Representing Others: Challenges in Developing a Database of Research in the Humanities

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The Cornell University Library recently developed a database describing research in the life sciences at the university, based on an entity-relationship ontology model. A curated index to research, facilities and instruction, it had enormous outreach potential both within and outside this large, multi-campus university. Following an extremely positive response to the system within the life sciences community, the Cornell administration supported the database, further mandating its adoption across the disciplines. The database would need to be re-imagined to appropriately convey information about work as varied as, for instance, poetry, nanotechnology, crop science, and landscape architecture. This paper describes the librarian-faculty collaborative process, which engendered policies that adapted the database for the work of the humanities while maintaining its appropriateness in widely disparate research areas. Although the first objective of the humanities project was to encourage faculty members to use the system, broader goals included fostering interdisciplinary partnerships, developing a robust directory of people, facilities and events, and creating a powerful public relations tool. Of particular concern was crafting a system that would allow faculty members to assert their privacy while still contributing to what was planned as a public venue. Database engineers designed methods for humanities faculty to edit their own records, and note (by choice) their publications, theoretical approaches, subject interests, courses taught, and historical or geographical focus. Ultimately, it is hoped that the database will grow to be as central to the humanities as it has become in other academic areas, fostering collaboration and contributing substantively to humanities scholarship.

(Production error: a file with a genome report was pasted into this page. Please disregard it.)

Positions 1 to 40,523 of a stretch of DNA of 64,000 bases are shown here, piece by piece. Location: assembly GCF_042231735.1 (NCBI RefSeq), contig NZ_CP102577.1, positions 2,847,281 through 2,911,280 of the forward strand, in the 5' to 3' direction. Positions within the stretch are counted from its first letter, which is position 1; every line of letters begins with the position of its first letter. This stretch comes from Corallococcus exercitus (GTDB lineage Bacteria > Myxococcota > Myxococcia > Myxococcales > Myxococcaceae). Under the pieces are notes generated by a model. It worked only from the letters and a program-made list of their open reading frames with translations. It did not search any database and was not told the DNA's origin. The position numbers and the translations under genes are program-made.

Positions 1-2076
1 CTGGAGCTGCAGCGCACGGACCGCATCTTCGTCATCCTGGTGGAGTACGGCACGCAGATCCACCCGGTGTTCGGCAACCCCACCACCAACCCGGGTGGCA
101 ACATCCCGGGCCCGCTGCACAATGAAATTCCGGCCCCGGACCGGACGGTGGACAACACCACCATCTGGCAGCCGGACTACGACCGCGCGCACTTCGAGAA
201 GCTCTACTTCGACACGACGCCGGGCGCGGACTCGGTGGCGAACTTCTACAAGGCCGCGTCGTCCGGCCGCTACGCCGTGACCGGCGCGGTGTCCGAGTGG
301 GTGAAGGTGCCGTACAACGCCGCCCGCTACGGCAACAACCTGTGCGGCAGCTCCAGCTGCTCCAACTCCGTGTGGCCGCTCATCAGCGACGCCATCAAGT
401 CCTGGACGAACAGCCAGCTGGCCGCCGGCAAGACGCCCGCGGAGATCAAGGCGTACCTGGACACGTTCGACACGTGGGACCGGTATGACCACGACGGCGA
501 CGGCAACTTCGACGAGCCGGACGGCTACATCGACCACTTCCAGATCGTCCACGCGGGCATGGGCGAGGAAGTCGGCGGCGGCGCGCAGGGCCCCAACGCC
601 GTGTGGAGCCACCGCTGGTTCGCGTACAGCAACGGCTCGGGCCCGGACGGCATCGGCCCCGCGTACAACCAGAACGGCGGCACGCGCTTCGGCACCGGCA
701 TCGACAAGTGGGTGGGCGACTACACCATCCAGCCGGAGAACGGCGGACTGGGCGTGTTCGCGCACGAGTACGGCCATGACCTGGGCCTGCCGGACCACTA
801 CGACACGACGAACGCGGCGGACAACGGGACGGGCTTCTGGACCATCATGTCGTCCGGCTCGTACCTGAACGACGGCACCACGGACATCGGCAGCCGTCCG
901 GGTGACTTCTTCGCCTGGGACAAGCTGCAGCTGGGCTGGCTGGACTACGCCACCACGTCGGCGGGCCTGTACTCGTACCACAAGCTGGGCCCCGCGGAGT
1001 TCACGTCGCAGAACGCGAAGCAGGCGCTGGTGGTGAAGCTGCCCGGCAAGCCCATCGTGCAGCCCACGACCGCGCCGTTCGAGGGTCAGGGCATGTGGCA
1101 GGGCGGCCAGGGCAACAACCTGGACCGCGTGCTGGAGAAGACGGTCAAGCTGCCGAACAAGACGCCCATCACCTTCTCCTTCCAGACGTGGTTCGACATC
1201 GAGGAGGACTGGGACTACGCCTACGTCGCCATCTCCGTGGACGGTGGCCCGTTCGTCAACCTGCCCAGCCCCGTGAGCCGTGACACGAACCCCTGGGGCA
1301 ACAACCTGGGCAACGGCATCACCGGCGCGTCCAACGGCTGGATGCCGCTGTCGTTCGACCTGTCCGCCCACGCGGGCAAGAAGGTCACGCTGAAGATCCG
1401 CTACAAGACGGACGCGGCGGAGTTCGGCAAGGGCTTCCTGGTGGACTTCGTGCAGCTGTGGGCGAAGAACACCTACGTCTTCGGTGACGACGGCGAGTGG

Keywords: Knowledge, Internet, Humanities, Research, Teaching and Learning
Stream: Cyberspace, Technology
Presentation Type: Paper Presentation in English
Paper: A paper has not yet been submitted.


Dr. Susette Newberry

Outreach Coordinator, Humanities Curator, Library, Cornell University
Ithaca, NY, USA

Susette Newberry holds a Ph. D. in the history of art from Cornell University with a specialty in the history of photography. A former archivist and exhibitions manager, she has contributed to the production of numerous digital collections on diverse subject areas. Her current research focus is on user-centered interface design, information architecture, computer-based support for instruction, and web 2.0 design and development.

Ref: H08P0198